An Efficient Knapsack-Based Approach for Calculating the Worst-Case Demand of AVR Tasks

dc.contributor.authorBijinemula, Sandeep Kumaren
dc.contributor.committeechairChantem, Thidapaten
dc.contributor.committeememberYu, Guoqiangen
dc.contributor.committeememberGerdes, Ryan M.en
dc.contributor.departmentElectrical and Computer Engineeringen
dc.date.accessioned2019-02-02T09:00:57Zen
dc.date.available2019-02-02T09:00:57Zen
dc.date.issued2019-02-01en
dc.description.abstractEngine-triggered tasks are real-time tasks that are released when the crankshaft arrives at certain positions in its path of rotation. This makes the rate of release of these jobs a function of the crankshaft's angular speed and acceleration. In addition, several properties of the engine triggered tasks like the execution time and deadlines are dependent on the speed profile of the crankshaft. Such tasks are referred to as adaptive-variable rate (AVR) tasks. Existing methods to calculate the worst-case demand of AVR tasks are either inaccurate or computationally intractable. We propose a method to efficiently calculate the worst-case demand of AVR tasks by transforming the problem into a variant of the knapsack problem. We then propose a framework to systematically narrow down the search space associated with finding the worst-case demand of AVR tasks. Experimental results show that our approach is at least 10 times faster, with an average runtime improvement of 146 times for randomly generated task sets when compared to the state-of-the-art technique.en
dc.description.abstractgeneralReal-time systems require temporal correctness along with accuracy. This notion of temporal correctness is achieved by specifying deadlines to each of the tasks. In order to ensure that all the deadlines are met, it is important to know the processor requirement, also known as demand, of a task over a given interval. For some tasks, the demand is not constant, instead it depends on several external factors. For such tasks, it becomes necessary to calculate the worst-case demand. Engine-triggered tasks are activated when the crankshaft in an engine is at certain points in its path of rotation. This makes their activation rate dependent on the angular speed and acceleration of the crankshaft. In addition, several properties of the engine triggered tasks like the execution time and deadlines are dependent on the speed profile of the crankshaft. Such tasks are referred to as adaptive-variable rate (AVR) tasks. Existing methods to calculate the worst-case demand of AVR tasks are either inaccurate or computationally intractable. We propose a method to efficiently calculate the worst-case demand of AVR tasks by transforming the problem into a variant of the knapsack problem. We then propose a framework to systematically narrow down the search space associated with finding the worst-case demand of AVR tasks. Experimental results show that our approach is at least 10 times faster, with an average runtime improvement of 146 times for randomly generated task sets when compared to the state-of-the-art technique.en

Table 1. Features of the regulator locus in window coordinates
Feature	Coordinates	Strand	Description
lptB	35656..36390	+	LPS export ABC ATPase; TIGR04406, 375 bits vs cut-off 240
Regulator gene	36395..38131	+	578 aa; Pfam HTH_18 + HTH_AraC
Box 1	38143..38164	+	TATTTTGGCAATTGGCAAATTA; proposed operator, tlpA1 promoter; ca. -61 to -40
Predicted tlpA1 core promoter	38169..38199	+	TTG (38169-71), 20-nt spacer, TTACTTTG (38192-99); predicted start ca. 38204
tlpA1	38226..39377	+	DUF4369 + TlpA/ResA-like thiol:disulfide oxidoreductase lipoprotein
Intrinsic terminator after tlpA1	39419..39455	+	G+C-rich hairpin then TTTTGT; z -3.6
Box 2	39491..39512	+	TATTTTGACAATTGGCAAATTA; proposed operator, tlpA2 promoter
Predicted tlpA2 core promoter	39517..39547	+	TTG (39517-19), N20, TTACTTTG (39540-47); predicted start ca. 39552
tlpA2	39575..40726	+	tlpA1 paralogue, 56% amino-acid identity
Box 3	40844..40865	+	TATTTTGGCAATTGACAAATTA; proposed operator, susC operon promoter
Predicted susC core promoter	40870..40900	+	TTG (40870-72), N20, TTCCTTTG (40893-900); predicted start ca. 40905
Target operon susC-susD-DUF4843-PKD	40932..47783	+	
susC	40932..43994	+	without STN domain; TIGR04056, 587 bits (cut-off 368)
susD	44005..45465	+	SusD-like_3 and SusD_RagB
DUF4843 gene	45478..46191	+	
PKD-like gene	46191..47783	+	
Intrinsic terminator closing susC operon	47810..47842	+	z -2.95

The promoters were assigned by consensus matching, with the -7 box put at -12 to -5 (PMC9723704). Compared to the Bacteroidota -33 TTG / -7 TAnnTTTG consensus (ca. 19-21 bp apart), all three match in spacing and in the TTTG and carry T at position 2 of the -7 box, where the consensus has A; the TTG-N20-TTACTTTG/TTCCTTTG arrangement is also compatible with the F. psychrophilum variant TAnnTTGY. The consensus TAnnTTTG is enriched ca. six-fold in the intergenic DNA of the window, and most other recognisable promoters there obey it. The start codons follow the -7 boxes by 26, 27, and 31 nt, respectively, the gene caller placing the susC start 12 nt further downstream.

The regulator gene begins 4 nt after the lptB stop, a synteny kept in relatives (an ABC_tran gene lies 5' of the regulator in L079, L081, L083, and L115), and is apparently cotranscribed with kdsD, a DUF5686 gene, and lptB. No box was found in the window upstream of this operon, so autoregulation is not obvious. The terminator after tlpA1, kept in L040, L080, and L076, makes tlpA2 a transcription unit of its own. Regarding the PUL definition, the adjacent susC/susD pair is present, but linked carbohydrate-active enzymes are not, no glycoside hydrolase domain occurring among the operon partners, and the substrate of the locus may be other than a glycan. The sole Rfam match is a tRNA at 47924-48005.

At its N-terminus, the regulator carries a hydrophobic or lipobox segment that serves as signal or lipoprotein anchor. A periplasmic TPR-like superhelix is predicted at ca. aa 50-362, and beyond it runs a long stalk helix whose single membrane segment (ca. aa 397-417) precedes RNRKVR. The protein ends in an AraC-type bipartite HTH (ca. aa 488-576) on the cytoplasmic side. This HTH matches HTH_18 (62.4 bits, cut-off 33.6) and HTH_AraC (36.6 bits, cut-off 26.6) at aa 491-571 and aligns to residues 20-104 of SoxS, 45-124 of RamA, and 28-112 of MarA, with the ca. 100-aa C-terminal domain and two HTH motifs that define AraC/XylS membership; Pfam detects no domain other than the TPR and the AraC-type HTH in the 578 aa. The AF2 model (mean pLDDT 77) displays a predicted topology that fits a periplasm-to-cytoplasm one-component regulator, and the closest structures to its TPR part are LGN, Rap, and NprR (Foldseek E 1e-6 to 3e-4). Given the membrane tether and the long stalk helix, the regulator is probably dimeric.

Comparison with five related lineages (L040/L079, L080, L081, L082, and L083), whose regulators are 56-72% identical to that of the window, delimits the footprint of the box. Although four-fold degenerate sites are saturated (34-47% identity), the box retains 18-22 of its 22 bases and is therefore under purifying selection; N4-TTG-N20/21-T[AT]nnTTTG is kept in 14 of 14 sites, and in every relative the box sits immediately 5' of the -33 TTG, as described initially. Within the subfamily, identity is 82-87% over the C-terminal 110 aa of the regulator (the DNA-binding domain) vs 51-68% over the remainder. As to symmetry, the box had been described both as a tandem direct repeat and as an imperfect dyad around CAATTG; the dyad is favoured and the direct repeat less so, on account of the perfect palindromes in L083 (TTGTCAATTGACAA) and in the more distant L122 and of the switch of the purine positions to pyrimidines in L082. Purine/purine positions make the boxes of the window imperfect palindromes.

dc.description.degreeMaster of Scienceen
dc.format.mediumETDen
dc.identifier.othervt_gsexam:18597en
dc.identifier.urihttp://hdl.handle.net/10919/87403en
dc.publisherVirginia Techen
dc.rightsIn Copyrighten
dc.rights.urihttp://rightsstatements.org/vocab/InC/1.0/en
dc.subjectAdaptive variable rate tasken
dc.subjectdemand bound functionen
dc.subjectworst-case demanden
dc.subjectknapsack problemen
dc.titleAn Efficient Knapsack-Based Approach for Calculating the Worst-Case Demand of AVR Tasksen
dc.typeThesisen
thesis.degree.disciplineComputer Engineeringen
thesis.degree.grantorVirginia Polytechnic Institute and State Universityen
thesis.degree.levelmastersen
thesis.degree.nameMaster of Scienceen
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